The game of Rugby can be intimidating and intense but to some it provides them with an adrenaline rush and allows them to partake in a school sanctioned sport. For junior Chris Hooyman, a double major in English and psychology, five years of playing Rugby has given him something new and different to experience with his friends.
â€œI started playing my junior year of high school because I rode the bench too much in basketball,” Hooyman said. “After that season ended, I joined the rugby team as soon as possible.”
Hooyman went to UNLV his freshman year of college, which didn’t have a rugby team. He transferred to Colorado State University, where all his roommates were his old high school teammates.
“It was only natural for me to come back and start playing againâ€ Hooyman said.
Hooyman has been on a member of the CSU Menâ€™s Rugby team for two years now. He will always cherish the friends that he had connected with and plans to keep the perseverance and strength that he has acquired and apply it to other aspects of his life.
â€œThe friendships I’ve made over the years are a real treasure to me,” Hooyman said. “There’s a certain kind of bond we all share from playing on the field together which makes me love every minute of it.”
Hooyman’s adventures on the team have affected him in many ways, but one in particular has followed him all the way from high school into his third year of college: his nickname, Type 1.
â€œI got the nickname on my first day of practice since there were two Chris’s on the team, and because I have Type One Diabetes,” Hooyman said. “It’s stuck with me ever sinceâ€ Hooyman said.
â€œPlaying with diabetes can sometimes be a hassle because I play my best when my blood sugar’s normal,” Hooyman said. “Obviously, that’s hard to do since we’re running around so much and I don’t have much time to tinker with it. I do always keep a Gatorade on me though just in case.â€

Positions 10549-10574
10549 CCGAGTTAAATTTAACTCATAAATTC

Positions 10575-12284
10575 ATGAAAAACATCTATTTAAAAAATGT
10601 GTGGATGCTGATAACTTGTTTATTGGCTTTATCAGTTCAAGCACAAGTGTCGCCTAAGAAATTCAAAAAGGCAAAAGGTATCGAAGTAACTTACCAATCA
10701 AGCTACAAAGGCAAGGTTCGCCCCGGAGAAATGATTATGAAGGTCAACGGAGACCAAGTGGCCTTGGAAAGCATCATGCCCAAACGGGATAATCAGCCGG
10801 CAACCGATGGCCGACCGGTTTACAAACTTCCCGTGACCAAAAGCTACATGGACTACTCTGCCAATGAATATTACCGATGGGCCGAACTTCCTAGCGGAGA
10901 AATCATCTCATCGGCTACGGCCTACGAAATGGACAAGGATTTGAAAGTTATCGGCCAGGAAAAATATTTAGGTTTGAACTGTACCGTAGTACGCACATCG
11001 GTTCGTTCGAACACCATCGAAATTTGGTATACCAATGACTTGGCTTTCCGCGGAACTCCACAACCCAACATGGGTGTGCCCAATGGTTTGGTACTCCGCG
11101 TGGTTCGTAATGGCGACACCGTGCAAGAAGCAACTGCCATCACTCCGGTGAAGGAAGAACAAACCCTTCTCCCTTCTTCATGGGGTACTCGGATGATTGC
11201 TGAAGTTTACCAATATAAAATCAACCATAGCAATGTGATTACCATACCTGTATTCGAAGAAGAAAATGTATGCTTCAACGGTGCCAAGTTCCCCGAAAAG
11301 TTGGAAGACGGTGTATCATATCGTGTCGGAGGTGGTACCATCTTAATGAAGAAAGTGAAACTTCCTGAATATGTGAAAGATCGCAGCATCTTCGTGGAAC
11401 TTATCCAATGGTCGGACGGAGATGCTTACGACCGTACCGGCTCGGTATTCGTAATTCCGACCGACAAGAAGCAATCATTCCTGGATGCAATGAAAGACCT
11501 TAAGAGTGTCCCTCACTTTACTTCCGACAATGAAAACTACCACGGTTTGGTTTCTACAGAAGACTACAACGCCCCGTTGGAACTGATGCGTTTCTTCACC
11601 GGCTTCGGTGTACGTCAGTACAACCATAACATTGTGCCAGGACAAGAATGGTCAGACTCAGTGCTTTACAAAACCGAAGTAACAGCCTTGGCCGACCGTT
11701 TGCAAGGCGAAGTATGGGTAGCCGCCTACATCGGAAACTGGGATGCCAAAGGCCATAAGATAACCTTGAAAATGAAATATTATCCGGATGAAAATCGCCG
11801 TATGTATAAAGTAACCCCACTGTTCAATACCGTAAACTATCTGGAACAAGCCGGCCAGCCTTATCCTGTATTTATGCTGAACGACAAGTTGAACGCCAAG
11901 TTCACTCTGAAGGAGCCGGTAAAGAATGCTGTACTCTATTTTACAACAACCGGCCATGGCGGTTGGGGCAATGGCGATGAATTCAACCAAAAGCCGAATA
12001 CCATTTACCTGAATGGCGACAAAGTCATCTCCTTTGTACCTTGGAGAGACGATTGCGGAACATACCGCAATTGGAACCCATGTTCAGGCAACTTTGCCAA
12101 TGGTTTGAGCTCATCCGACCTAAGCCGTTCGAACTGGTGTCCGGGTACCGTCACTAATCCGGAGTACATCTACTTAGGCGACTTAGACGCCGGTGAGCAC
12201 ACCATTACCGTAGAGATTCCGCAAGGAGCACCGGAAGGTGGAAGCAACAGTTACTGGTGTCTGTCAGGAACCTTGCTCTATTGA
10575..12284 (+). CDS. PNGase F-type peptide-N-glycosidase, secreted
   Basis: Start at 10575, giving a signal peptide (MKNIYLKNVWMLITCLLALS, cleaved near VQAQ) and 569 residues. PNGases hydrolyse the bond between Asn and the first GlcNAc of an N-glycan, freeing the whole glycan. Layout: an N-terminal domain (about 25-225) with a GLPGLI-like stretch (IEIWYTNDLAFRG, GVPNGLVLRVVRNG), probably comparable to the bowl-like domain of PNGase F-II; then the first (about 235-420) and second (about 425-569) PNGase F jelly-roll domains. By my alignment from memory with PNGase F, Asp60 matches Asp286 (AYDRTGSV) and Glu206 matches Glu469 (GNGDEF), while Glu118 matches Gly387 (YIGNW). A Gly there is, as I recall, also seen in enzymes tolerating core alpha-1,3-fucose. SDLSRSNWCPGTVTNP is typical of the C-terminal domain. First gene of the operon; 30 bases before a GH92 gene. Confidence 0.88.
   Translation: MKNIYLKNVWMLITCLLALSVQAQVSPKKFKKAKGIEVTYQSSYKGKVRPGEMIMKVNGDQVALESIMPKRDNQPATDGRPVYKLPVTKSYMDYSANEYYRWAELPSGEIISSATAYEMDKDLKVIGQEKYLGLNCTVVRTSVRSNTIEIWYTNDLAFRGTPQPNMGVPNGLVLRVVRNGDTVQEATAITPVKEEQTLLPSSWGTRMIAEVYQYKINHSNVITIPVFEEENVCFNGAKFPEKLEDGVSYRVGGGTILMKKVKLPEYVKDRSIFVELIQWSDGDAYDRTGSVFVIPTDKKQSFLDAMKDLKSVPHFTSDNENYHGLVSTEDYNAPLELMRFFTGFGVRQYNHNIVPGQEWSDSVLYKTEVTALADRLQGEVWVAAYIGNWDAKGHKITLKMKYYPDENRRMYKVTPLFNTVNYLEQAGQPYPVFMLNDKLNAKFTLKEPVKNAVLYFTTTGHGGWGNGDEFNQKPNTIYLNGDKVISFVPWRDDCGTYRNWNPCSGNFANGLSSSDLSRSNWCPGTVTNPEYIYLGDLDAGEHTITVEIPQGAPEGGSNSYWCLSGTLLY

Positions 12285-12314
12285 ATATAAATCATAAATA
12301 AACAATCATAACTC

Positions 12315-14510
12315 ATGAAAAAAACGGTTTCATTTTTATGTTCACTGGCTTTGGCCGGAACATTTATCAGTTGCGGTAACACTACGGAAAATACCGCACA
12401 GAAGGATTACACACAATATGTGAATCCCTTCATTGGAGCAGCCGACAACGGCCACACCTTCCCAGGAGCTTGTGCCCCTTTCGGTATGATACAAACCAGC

Hooyman participates in a full contact sport but when the game of Rugby is compared to the CSU Womenâ€™s team, there is not a huge difference in what the players endure. The two teams support each other by watching the others practices.
â€œI don’t think there are any real difference between men’s and women’s rugby besides who’s on the field, which makes it great because everyone gets to play on a level playing field.â€ Hooyman said. â€œOccasionally, some of our players hang out and watch their game and vice versa but as far as I know there’s no organized support for one another.â€
As far as the sport of rugby goes, Hooyman has continued to excel during his five years of playing, but that is not the only aspect of CSU that Chris has given effort to. His studies are an important part of his life and he continues to try new things even in his education, and is a pleasure to have in the classroom.
Lauren Gullion, his E 210 Beginning Creative Writing teacher has been impressed by his writing and his participation in the progressing semester.
â€œChris is wonderfully humble, yet consistently high-achieving in his work. He never takes himself too seriously and is always a good sport, even when he gets volunteered by others to share his work out loud. One-on-one, Chris is eager to learn. He takes criticism with grace and humor, all the while remaining confident in what it is he set out to do. He’s just one of those students that make you smileâ€ Gullion said.